History Corner: Sergeant Stubby

[Welcome to the first segment of the Stewover History Corner. I hope you find these brief looks into the past as interesting as I do.]

The photograph above is of Sergeant Stubby. He was the most decorated war dog of World War I, and he is the only dog to be promoted to sergeant through combat.

Stubby’s origins were never discovered, but he is generally described as a Staffordshire Bull Terrier. When a group of soldiers were training in New Haven, CT, Stubby stopped by to make friends. Corporal Robert Conroy look a particular liking to Stubby and when it came time for the soldiers to ship out, Corporal Conroy hid Stubby on the ship.

Stubby served with the 102nd Infantry, 26th Division in France for 18 months. He was in the trenches and participated in four offenses and 17 battles. His first combat experience was on February 5, 1918. He was injured in a raid in April 1918 by a hand grenade thrown by the Germans. When he recovered, he returned to the trenches. Stubby was the victim of gas during his combat experience. After being gassed himself, he was able to detect it before anyone else and warn his fellow soldiers to put on their gas masks.

Stubby would locate wounded soldiers and help bring medical attention to them. Also, since his hearing is sharper than a human’s hearing, he was able to hear the high-pitched whine of incoming artillery shells and would notify his unit to take cover.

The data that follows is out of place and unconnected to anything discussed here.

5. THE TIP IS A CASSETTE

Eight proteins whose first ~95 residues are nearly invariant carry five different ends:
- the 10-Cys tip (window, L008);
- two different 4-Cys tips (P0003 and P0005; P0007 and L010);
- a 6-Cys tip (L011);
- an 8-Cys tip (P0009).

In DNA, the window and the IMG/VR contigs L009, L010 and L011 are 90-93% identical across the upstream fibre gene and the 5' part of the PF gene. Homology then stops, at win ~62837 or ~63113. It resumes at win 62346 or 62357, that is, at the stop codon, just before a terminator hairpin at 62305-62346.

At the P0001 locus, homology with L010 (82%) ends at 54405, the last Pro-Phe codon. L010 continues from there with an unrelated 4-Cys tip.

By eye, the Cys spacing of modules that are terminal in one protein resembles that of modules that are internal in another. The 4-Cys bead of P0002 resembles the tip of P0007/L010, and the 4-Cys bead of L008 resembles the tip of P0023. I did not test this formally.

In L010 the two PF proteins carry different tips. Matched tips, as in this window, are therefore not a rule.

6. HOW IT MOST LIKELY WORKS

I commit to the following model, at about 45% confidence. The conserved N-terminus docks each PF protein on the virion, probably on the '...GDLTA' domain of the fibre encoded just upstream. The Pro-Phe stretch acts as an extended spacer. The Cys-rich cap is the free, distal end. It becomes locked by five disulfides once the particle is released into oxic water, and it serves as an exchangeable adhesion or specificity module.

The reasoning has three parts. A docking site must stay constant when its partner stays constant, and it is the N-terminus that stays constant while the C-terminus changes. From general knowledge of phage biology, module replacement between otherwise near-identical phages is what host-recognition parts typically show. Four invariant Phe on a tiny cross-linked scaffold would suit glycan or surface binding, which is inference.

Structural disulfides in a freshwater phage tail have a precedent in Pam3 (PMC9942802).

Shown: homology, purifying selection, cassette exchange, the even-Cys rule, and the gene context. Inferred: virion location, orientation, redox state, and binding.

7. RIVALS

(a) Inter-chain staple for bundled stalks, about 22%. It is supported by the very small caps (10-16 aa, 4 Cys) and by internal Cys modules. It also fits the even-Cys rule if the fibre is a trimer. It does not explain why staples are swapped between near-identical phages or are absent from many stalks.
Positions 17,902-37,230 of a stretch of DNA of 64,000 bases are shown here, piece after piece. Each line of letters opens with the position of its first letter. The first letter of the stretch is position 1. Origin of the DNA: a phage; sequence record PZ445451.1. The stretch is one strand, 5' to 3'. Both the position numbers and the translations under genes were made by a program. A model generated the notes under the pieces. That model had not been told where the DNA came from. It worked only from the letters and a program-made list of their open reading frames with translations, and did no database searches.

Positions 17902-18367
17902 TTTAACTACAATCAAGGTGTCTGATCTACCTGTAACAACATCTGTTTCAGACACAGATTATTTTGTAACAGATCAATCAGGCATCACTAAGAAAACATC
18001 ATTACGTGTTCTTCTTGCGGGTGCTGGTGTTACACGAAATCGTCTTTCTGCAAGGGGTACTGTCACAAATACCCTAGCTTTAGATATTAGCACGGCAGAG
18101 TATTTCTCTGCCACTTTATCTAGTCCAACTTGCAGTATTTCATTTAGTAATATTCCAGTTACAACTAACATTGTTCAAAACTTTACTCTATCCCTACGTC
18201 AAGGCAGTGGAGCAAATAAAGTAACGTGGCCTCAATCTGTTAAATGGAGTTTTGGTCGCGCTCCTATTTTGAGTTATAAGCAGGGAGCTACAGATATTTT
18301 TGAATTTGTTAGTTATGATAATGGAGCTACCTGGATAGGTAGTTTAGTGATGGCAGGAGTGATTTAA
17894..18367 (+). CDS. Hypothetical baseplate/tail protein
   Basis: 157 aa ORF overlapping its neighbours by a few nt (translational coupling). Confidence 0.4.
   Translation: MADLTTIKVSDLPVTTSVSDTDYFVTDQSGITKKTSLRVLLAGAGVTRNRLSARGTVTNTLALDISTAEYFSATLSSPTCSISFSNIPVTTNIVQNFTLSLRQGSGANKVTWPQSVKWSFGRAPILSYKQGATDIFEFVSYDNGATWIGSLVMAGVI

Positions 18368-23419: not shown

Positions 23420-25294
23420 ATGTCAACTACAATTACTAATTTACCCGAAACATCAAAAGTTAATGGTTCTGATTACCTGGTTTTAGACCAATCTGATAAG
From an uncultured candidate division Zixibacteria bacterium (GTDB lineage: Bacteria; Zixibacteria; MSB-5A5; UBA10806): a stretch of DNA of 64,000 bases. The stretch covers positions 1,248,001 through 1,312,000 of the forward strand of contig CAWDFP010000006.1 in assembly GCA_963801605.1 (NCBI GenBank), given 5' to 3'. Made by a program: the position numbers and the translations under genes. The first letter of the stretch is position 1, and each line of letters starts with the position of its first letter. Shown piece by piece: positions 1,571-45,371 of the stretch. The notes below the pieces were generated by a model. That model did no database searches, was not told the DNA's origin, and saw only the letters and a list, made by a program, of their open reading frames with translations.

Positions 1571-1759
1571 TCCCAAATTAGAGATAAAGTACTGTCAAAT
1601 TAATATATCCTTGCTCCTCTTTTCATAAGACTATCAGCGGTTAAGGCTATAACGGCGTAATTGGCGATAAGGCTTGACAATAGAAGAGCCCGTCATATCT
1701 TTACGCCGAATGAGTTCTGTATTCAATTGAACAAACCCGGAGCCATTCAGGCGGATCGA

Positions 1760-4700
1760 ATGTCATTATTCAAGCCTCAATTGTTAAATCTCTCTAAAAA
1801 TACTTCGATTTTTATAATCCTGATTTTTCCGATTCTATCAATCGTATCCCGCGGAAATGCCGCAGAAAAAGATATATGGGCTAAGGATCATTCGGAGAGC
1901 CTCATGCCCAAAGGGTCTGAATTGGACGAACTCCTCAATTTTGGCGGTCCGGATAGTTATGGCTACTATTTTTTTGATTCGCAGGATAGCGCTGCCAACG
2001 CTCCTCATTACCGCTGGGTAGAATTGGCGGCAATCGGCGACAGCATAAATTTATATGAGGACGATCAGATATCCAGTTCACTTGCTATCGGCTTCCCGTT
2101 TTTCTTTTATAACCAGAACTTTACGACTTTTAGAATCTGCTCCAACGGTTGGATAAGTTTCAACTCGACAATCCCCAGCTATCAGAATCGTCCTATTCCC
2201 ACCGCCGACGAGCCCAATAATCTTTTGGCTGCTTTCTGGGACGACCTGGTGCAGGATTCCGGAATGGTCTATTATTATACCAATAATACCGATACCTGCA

When his unit was in Argonne, he identified a German spy and began to bark. It is thought that because the spy addressed him in German and not English, Stubby knew that something was wrong. He held on to the German until other members of his unit arrived to take him into custody.

The grateful women of Chateau-Thierry made him a chamois coat to pin his medals after their town was retaken by the US soldiers. After the war, Sergeant Stubby went home with Corporal Conroy.

Stubby was a celebrity after World War I and led many parades. He met three US Presidents. He went to Georgetown University Law Center with Corporal Conroy and became the Georgetown Hoyas’ team mascot. He was a life member of the YMCA, the Red Cross, and the American Legion. He was awarded a gold medal for his service to his country in 1921 by the Humane Education Society.

Stubby died in 1926 in the arms of his friend Corporal Conroy. His remains were preserved and are featured in The Price of Freedom: Americans at War exhibit at the Smithsonian. On November 11, 2006, Sergeant Stubby was honored with a brick in the Walk of Honor at the United States World War I monument in Kansas City.

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